INCLINE VILLAGE, Nev. - Last year was good for stocks and bonds, so it was easy to be right about the market. Still, as I look back at the securities I recommended in this article I couldn't be more pleased. With a few exceptions, they worked better than planned, some much better.
Most of my articles focused on income investments. That's because people find it hard to generate enough income from their investments in this low interest rate environment. It was hard a year ago; it's still hard now. The January 24 article on bank loan funds recommended Eaton Vance Senior Floating Rate Fund (EFR). It was $15.01 then, now it's $16.25 and it pays a generous dividend.
The March 1 article "An Update on Emerging Market Debt," recommended Western Asset Emerging Markets Debt Fund (ESD). Since then it is up 8.5 percent and it, too, pays a generous dividend. The June 28 article "A Slowing Economy ... and You!" recommended the U.S. Bank 6 Percent Series G. It was $26.81 then, now it's $27.73 and we've received dividends along the way.
While we liked those income vehicles, we avoided U.S. Treasury funds. Treasury funds are about unchanged since our March 6 article "U.S. Treasuries - A High Risk Investment." I continue to believe "unchanged" is about the best you can do in these funds, and there will come a time, maybe sooner than most expect, when investors will see sizable losses in Treasuys.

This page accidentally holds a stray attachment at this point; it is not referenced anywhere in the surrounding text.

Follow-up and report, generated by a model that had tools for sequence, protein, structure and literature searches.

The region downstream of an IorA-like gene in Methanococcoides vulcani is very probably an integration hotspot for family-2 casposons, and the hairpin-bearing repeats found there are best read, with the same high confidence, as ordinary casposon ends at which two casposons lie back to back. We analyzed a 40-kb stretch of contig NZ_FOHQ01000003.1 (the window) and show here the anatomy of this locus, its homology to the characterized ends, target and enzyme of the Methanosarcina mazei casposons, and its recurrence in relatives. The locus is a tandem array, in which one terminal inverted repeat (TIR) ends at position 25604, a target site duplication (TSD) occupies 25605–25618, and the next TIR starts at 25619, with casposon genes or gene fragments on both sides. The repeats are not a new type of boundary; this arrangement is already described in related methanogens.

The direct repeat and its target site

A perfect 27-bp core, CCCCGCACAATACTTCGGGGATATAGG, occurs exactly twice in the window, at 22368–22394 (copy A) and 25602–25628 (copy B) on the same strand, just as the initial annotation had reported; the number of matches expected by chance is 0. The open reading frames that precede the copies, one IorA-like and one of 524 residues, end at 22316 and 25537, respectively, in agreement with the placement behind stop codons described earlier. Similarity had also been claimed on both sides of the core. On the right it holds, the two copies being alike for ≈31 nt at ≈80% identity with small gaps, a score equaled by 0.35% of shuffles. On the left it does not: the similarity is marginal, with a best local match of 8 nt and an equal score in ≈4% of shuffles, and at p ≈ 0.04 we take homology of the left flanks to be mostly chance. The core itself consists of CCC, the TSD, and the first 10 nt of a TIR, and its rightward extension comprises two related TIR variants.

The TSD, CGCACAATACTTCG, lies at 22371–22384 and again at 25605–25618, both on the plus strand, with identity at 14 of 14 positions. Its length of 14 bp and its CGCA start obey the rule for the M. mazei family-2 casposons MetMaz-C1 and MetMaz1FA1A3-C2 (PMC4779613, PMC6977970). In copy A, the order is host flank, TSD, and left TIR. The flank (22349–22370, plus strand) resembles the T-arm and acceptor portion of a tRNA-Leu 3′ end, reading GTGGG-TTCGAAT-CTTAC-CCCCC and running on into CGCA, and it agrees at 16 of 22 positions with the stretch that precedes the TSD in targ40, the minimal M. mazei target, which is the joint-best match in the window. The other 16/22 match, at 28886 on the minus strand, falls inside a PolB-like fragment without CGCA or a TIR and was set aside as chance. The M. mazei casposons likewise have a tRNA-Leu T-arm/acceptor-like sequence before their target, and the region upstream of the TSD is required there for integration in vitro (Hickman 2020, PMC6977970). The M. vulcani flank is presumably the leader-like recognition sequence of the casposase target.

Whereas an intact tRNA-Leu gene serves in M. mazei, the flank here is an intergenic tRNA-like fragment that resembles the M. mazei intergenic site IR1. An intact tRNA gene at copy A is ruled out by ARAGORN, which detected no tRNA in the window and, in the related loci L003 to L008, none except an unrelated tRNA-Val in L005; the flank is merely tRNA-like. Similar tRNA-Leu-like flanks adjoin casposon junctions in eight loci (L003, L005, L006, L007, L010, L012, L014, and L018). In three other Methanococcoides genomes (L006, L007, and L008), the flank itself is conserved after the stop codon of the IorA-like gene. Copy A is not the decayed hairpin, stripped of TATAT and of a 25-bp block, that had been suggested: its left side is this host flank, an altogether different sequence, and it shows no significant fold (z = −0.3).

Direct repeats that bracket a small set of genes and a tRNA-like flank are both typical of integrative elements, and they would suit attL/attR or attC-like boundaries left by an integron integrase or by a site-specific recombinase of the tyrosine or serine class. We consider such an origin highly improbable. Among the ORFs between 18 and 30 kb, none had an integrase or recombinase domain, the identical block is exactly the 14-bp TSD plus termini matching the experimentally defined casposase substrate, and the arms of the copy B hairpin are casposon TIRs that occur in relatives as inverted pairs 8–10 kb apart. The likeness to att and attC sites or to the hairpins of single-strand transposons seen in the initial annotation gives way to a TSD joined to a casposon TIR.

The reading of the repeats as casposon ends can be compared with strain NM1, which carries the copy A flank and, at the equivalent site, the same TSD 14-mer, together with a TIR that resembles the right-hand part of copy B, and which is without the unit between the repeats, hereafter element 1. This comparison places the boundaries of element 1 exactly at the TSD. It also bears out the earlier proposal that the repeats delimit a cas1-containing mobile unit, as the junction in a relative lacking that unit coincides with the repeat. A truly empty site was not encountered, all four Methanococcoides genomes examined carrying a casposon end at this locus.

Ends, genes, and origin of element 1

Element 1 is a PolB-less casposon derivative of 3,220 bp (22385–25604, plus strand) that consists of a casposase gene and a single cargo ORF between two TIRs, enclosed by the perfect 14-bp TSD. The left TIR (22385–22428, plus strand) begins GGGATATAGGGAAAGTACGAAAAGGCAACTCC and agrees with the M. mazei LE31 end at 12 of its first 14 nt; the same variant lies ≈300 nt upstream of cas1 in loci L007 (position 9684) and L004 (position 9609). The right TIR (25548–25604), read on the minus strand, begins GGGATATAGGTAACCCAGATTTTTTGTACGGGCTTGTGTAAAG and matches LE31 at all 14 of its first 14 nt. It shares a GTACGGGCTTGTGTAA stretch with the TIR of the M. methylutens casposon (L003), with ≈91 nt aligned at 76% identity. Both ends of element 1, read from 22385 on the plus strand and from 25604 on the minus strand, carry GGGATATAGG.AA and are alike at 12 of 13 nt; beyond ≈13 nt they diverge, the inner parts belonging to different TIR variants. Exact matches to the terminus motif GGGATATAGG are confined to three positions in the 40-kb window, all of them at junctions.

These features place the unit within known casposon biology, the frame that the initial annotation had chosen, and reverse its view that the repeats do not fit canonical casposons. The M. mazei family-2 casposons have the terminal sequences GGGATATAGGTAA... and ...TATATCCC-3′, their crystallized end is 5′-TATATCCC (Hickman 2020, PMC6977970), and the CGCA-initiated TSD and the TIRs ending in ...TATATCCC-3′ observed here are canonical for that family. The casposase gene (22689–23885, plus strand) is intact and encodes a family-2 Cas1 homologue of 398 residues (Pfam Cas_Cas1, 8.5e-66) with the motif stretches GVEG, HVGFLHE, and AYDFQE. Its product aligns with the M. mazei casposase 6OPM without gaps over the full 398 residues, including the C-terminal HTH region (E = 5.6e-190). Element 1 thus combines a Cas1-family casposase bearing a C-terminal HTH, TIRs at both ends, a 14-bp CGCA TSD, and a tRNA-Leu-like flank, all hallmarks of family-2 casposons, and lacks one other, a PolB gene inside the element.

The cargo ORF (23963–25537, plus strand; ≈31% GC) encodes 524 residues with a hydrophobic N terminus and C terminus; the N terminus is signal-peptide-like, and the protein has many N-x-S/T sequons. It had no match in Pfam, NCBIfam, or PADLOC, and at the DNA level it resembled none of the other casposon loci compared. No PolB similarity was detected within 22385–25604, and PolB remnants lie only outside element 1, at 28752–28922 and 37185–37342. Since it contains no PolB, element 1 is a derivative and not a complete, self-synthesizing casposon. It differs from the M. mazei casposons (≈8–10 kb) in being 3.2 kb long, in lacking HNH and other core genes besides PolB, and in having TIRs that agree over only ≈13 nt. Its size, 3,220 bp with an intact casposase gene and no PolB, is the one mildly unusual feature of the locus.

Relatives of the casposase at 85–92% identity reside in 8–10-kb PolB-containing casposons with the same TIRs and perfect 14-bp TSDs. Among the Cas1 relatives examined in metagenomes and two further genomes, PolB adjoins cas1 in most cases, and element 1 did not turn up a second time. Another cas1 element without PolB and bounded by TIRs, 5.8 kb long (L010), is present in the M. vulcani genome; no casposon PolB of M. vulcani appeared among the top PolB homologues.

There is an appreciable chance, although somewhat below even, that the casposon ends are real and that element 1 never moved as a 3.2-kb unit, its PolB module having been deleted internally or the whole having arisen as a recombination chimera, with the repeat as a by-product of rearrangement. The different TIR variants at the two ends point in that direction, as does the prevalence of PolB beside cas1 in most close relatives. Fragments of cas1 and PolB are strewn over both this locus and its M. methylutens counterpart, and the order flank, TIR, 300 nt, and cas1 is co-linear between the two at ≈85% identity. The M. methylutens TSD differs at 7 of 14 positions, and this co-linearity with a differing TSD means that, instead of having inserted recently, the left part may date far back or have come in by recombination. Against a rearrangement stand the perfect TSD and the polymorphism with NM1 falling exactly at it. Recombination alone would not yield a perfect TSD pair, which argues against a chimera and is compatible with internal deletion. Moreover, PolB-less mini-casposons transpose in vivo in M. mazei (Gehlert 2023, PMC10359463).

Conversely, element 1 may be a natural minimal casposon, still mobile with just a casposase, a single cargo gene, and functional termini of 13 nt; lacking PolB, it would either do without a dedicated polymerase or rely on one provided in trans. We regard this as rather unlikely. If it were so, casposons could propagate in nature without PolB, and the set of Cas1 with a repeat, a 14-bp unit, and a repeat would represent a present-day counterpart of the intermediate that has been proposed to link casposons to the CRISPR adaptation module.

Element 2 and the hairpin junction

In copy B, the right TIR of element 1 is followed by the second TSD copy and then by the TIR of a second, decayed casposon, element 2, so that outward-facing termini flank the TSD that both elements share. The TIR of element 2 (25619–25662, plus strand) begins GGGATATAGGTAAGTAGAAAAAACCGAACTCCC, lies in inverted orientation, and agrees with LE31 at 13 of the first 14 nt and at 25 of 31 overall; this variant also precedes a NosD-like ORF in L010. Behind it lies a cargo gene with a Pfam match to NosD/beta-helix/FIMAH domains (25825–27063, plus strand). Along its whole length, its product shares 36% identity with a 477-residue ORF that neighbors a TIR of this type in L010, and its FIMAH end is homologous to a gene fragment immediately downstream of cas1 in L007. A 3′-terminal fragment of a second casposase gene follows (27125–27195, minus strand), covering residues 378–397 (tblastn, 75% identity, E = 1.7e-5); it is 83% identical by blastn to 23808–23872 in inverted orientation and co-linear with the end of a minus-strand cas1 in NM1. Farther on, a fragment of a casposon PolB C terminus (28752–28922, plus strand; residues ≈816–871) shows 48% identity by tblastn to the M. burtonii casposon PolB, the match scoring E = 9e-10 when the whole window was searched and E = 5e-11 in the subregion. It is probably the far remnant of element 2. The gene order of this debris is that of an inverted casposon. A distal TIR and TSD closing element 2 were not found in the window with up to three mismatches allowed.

Perhaps the year's best call was the October 24 article, The Rise of the Internationals. In that article we featured the improving international markets and gave several suggestions. Since then these securities have been far stronger than the U.S. market. Mexico (EWW) is up 7.9 percent, Philippines (EPHE) is up 13.6 percent, Turkey (TUR) is plus 13.8 percent, and Pacific Ex-Japan (EPP) is ahead 4.9 percent.
There were many opportunities to profit last year, even in less-risky securities. Those who stayed on the sidelines in cash, CDs and money-market funds missed out. There are always investment opportunities, and some of the greatest appear when people are most pessimistic, as they are now.
But inaction is not an investment strategy. It's a recipe for disappointment. Either hire a Registered Investment Adviser like myself, or take an active interest in learning about investments so you can manage your own portfolio. If the former, I'd be delighted to meet with you. If the latter, be sure to keep reading this column.
- David Vomund is an Incline Village-based fee-only money manager. Information is found at www.ETFportfolios.net or by calling 775-832-8555. Clients hold the positions mentioned in this article. Past performance does not guarantee future results. Consult your financial adviser before purchasing any security.